KABUL — Amrullah Saleh, the first Vice President of the former Afghan government and the self-proclaimed acting President, believes that the rule of the Taliban government will not last long in the country.

Taliban entered the presidential palace in Kabul and overthrew the democratically elected government after President Ashraf Ghani left Afghanistan on Aug. 15.

“The law of the Taliban is Islamic Emirate, unacceptable to the people of Afghanistan, and the election of a leader by a group is unacceptable,” he said.

“It is impossible for Taliban rule to last long in Afghanistan.”

Saleh said that the Taliban have “neither external nor internal legitimacy,” and they will soon face a “deep military crisis,” with other areas besides Panjshir mounting resistance against them.

He said that the peace negotiations between Kabul and the Taliban became “the beginning of the end” for the country.

Saleh said that the European Union “must assume its moral responsibility and support for the Afghan National Resistance, politically and morally.”

For a long time, fighters in Panjshir have prevented the capture of the region from Taliban terrorists by firing a heavy machine gun into a deep valley from the top of the rocky mountain.

These fighters are from the National Resistance Front (NRF), the remaining most vital force after the siege of Kabul by the Taliban.

Ahmad Massoud, the son of famous Afghan commander Ahmad Shah Massoud and Saleh, is trying to challenge the Taliban.

When asked by Euronews why he did not leave Afghanistan even after the Taliban takeover, he said, “I am a soldier of Ahmad Shah Massoud and, in his dictionary, there was no such thing as fleeing, exile and leaving the nation in bad moments. If I had escaped, I might have been physically alive, but as soon as I reached any corner of the globe, I would have died instantly.”

Ahmad Shah Massoud, considered Sher-e-Panjshir, garnered a fearsome reputation in its fight against the Taliban in the 1990s. He also led the Northern Alliance group that helped Americans in its “war against terror.”

Saleh considers him his idol, posthumously named a national hero by former president Hamid Karzai.

“I am not a perfect human being,” said Saleh to the local media when asked about the decision to release thousands of prisoners by the Afghan government that bolstered the Taliban forces.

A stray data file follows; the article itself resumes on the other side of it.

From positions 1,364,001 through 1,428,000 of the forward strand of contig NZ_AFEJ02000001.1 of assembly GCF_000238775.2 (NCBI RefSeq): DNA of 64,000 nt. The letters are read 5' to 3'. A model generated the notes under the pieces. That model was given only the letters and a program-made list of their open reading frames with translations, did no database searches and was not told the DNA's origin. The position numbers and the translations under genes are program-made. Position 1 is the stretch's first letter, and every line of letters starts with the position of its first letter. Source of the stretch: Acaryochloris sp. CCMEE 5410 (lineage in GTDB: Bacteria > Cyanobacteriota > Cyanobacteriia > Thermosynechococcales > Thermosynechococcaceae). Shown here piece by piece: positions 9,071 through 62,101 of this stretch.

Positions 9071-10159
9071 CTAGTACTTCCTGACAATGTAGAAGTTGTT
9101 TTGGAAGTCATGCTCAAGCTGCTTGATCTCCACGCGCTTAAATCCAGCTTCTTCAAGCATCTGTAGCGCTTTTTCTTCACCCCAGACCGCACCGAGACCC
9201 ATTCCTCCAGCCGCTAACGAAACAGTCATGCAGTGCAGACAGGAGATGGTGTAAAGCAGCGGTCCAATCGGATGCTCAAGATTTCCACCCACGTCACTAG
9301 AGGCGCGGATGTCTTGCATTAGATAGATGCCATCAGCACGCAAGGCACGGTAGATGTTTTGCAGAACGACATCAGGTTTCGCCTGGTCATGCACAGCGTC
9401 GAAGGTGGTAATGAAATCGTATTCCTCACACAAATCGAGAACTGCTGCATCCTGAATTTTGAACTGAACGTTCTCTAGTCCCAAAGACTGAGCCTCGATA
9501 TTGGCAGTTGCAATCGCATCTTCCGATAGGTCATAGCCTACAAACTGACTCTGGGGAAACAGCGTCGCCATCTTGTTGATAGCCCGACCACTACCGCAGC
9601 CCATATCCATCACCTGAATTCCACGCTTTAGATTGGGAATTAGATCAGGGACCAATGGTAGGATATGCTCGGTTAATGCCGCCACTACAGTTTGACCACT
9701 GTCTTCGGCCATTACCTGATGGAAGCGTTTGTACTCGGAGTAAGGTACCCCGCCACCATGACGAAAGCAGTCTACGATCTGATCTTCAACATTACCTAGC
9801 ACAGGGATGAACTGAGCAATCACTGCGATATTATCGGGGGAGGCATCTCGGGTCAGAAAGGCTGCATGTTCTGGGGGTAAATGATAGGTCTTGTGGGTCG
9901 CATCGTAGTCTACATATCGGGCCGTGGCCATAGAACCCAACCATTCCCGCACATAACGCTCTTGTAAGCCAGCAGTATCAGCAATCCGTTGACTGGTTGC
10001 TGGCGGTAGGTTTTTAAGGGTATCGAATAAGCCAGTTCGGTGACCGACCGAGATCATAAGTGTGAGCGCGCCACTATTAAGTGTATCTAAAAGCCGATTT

“But in my position as vice-president, I could not veto that decision. Unfortunately, the Americans asked us in a very wrong and undiplomatic way to release these prisoners and threatened to cut off economic, weapons, and military aid to Afghanistan. We made it clear that if we let go of these prisoners, they would go back to fight us.”

He also accused Pakistan of giving orders to the Taliban, which he called a “proxy group” for the country.

Saleh said that the US and North Atlantic Treaty Organization should have kept 2,500 soldiers in Afghanistan.

“But now that they did not, and they are paying the price,” he said.

“The intra-Afghan dialogue was flawed from the very beginning as the Taliban never believed in a political solution to the decades-long conflict.”

Saleh further called for the international recognition of the resistance pocket in Panjshir and for providing him with moral and political support.

For a long time, fighters in Panjshir have prevented the capture of the region from Taliban terrorists by firing a heavy machine gun into a deep valley from the top of the rocky mountain.

These fighters are from the National Resistance Front (NRF), the remaining strongest force after the siege of Kabul by the Taliban.

The valley lies in the Hindu Kush mountains, approximately 90 miles north of Kabul. The Taliban have been unable to take this significant holdout of resistance after steamrolling across pro-government troops in a matter of months.

(With inputs from ANI)

Edited by Saptak Datta and Ritaban Misra



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